The majority of people don’t want to talk about the impact hearing loss has on relationships, even though it’s a problem many people deal with. Hearing loss can cause communication barriers that result in misunderstandings and frustration for both partners.
This is the ideal time for you to show your love and appreciation for your loved one with Valentine’s Day just around the corner. Talking about hearing loss together is a great way to do this.
Having “the talk”
A person experiencing untreated hearing loss has a 2.4 times more likely risk of developing cognitive disorders like dementia and Alzheimer’s disease according to some studies. When the region of your brain responsible for hearing becomes less engaged, it can begin a cascade effect that can affect your entire brain. This is called brain atrophy by doctors. It’s the “use it or lose it” concept in action.
Depression rates among those who have hearing loss are nearly twice that of a person with healthy hearing. Research shows that as a person’s hearing loss gets worse, they often become anxious and agitated. The person may begin to seclude themselves from family and friends. As they fall deeper into sadness, people who have hearing loss are likely to avoid participating in the activities they once enjoyed.
This, in turn, can result in relationship stress among mother and son, father and daughter, close friends, spouses, and others in this person’s life. It’s important to be patient and work together to find solutions to communication problems.
Your loved one might not be ready to tell you they’re experiencing hearing loss. They may be afraid or ashamed. They could be in denial. You may need to do some detective work to figure out when it’s time to have the conversation.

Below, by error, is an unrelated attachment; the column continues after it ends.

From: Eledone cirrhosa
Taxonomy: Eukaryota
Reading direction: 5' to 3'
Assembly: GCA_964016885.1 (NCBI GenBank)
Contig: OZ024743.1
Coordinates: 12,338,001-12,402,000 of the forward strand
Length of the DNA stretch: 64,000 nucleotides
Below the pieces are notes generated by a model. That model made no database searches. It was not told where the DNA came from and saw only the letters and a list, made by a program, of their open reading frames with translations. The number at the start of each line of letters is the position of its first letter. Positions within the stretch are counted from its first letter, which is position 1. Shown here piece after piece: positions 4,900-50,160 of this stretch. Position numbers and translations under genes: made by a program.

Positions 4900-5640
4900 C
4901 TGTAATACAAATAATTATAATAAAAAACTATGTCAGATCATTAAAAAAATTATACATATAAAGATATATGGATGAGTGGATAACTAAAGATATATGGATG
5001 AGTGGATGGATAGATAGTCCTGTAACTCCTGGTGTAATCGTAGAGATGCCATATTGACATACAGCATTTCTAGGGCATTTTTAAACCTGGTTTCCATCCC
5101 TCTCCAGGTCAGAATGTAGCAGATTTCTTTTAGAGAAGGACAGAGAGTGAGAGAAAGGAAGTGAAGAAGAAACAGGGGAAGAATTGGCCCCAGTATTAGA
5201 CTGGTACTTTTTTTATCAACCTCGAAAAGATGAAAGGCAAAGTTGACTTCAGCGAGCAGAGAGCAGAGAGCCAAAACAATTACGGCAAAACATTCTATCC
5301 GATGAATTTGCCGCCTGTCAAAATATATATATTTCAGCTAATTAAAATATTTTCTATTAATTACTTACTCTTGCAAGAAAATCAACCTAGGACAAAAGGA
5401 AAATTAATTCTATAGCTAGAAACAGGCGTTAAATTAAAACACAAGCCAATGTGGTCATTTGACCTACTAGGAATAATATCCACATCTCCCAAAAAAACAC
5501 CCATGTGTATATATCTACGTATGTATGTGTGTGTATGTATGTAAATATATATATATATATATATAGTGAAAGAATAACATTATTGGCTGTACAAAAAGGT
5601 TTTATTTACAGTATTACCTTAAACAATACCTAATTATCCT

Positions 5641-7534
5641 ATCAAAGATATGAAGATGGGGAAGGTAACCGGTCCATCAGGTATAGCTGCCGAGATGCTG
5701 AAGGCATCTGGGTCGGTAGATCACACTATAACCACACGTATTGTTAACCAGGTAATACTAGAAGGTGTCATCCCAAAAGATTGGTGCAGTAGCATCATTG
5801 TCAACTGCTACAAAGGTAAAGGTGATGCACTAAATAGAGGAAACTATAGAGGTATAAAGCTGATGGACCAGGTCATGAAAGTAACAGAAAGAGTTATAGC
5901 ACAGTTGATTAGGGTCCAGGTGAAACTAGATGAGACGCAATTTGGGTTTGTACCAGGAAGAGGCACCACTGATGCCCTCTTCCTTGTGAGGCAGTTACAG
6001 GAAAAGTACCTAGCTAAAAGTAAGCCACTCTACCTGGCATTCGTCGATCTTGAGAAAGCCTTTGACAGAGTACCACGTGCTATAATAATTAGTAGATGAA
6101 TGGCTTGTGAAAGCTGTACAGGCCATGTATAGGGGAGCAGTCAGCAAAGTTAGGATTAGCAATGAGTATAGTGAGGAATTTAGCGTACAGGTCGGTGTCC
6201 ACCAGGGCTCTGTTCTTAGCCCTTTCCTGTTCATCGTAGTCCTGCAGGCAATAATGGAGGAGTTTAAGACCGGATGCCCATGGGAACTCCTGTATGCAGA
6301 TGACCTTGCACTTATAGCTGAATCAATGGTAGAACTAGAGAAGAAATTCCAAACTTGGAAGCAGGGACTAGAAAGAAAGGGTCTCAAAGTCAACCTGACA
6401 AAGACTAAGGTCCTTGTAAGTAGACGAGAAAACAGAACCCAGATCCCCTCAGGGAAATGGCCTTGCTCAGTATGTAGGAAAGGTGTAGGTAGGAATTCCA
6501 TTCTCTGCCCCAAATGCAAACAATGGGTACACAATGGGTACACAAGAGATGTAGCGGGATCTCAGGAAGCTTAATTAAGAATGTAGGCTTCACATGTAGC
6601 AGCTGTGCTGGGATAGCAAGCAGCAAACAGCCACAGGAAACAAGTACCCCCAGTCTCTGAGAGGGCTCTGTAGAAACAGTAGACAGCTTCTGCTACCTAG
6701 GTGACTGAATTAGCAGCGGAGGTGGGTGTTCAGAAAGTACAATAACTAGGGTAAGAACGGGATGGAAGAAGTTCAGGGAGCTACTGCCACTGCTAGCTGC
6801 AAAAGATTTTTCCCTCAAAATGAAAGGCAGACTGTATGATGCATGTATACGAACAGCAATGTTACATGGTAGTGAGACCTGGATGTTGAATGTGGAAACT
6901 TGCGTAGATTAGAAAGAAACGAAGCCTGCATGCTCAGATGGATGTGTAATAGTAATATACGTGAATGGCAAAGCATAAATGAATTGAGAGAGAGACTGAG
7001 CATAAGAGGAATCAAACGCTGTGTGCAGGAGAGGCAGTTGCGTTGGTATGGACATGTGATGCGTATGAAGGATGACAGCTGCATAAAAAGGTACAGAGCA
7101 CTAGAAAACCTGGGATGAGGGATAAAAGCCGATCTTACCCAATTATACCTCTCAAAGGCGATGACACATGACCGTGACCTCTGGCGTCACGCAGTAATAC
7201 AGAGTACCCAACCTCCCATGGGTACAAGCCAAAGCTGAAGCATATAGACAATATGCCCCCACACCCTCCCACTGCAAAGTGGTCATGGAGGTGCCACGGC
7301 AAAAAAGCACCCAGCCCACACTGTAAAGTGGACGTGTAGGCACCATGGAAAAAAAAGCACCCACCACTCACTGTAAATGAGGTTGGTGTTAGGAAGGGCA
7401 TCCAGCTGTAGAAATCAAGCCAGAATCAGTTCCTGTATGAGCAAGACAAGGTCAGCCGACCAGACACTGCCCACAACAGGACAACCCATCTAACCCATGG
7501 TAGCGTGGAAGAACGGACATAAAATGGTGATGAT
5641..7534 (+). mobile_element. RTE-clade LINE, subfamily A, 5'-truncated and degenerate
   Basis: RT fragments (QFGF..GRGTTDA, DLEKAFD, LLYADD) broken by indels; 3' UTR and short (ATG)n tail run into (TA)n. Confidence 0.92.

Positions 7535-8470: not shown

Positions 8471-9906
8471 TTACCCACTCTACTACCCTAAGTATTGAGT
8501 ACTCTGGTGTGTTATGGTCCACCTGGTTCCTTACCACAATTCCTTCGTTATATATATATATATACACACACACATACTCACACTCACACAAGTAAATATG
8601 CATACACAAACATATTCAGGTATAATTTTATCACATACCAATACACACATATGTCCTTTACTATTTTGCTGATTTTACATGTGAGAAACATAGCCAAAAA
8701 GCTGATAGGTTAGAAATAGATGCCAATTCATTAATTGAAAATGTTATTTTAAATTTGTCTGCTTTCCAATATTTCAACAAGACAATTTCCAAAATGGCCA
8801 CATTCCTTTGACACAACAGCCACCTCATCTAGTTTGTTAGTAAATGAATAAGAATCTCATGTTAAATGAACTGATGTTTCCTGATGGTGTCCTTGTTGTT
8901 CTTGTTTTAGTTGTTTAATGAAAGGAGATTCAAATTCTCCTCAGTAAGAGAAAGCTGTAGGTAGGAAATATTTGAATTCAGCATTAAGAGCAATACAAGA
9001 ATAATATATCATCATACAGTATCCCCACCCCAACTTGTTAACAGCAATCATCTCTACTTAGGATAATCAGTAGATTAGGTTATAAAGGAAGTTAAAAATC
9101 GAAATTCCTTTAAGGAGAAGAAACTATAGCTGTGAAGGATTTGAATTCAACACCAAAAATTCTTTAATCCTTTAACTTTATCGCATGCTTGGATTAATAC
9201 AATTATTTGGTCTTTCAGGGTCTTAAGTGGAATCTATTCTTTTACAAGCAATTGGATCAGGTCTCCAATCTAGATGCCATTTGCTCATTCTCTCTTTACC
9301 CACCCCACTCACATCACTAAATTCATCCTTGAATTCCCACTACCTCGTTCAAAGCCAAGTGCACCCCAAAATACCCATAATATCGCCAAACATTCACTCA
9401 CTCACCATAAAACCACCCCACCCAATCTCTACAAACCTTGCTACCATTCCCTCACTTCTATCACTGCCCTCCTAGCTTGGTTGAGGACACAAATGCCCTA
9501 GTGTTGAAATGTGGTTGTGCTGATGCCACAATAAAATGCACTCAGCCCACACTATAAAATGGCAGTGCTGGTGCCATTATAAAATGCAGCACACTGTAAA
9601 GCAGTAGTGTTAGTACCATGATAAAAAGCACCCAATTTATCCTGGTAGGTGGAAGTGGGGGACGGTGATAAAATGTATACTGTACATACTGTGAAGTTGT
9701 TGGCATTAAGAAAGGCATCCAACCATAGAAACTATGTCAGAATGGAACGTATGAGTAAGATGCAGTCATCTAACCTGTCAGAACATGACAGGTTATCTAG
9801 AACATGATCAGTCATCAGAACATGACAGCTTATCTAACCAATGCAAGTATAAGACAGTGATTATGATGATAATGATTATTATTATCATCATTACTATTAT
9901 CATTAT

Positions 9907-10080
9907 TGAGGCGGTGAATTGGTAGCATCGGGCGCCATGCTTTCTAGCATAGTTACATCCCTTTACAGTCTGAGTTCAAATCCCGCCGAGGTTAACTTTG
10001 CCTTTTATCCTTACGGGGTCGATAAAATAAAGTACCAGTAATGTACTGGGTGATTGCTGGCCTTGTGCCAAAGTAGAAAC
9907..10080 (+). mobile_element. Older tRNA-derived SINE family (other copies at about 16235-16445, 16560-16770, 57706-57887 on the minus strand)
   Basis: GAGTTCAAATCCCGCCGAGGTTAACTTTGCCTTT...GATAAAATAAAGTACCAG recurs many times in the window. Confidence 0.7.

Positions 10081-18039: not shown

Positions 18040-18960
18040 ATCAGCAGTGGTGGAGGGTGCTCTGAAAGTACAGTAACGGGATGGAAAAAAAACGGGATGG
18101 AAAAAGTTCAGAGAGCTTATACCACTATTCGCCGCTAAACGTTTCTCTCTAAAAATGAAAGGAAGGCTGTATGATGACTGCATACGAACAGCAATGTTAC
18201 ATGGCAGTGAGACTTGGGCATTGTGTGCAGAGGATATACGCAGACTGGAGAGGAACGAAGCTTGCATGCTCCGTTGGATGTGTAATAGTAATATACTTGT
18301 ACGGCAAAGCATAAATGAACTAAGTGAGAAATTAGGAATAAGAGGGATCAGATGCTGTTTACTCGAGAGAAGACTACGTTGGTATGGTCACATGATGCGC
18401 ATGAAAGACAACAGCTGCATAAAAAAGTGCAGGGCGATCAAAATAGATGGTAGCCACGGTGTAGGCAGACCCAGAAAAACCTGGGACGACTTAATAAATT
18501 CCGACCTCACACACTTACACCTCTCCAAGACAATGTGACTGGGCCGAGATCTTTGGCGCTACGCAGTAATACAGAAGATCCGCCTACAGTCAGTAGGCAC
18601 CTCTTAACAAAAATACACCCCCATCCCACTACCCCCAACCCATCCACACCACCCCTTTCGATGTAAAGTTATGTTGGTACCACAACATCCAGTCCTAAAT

Here are some external cues you will need to rely on because you can’t hear what others are hearing:
- Watching television with the volume really high
- Not hearing vital sounds, such as the doorbell, dryer buzzer, or somebody calling their name
- Starting to notice anxiety and agitation in social situations
- Avoiding busy places
- Avoiding conversations
- Sudden difficulty with work, hobbies, or school
- Frequent misunderstandings
- Complaining about buzzing, humming, static, or other noises that you can’t hear
Look for these common symptoms and plan to have a heart-to-heart conversation with your loved one.
How to talk about hearing loss
This discussion might not be an easy one to have. A loved one might become defensive and brush it off if they’re in denial. That’s why approaching hearing loss in an appropriate manner is so relevant. You might need to alter your language based on your unique relationship, but the strategies will be more or less the same.
- Step 1: Inform them how much you love them unconditionally and how much you value your relationship.
- Step 2: You are worried about their health. You’ve seen the research. You know that untreated hearing loss can result in a higher risk of dementia and depression. You don’t want your loved one to go through that.
- Step 3: You’re also worried about your own health and safety. Your hearing may be damaged by an excessively loud TV. In addition, studies show that elevated noise can trigger anxiety, which might affect your relationship. Your loved one may not hear you yelling for help if you’ve fallen or someone’s broken into the house. People connect with others through emotion. If you can paint an emotional picture of the what-ifs, it will have more impact than simply listing facts.
- Step 4: Make an appointment to get a hearing test together. After you make the decision schedule an appointment as soon as possible. Don’t wait.
- Step 5: Be ready for opposition. You could find these oppositions at any point in the process. This is a person you know well. What will their objections be? Will it be lack of time, or money? Doesn’t notice a problem? They might feel that home remedies will be good enough. (You know “natural hearing loss cures” don’t really work and could cause more harm than good.)
Have your answers prepared beforehand. Even a little practice can’t hurt. These responses need to address your loved one’s concerns but they don’t need to match those listed above word-for-word
If your spouse isn’t willing to discuss their hearing loss, it can be challenging. Establishing a plan to deal with potential communication problems and the impact hearing loss can have on your relationship will help both partners have confidence that their worries will be heard and understood. By having this talk, you’ll grow closer and get your partner the help they need to live a longer, healthier, more rewarding life. Growing together – isn’t that what love is all about?
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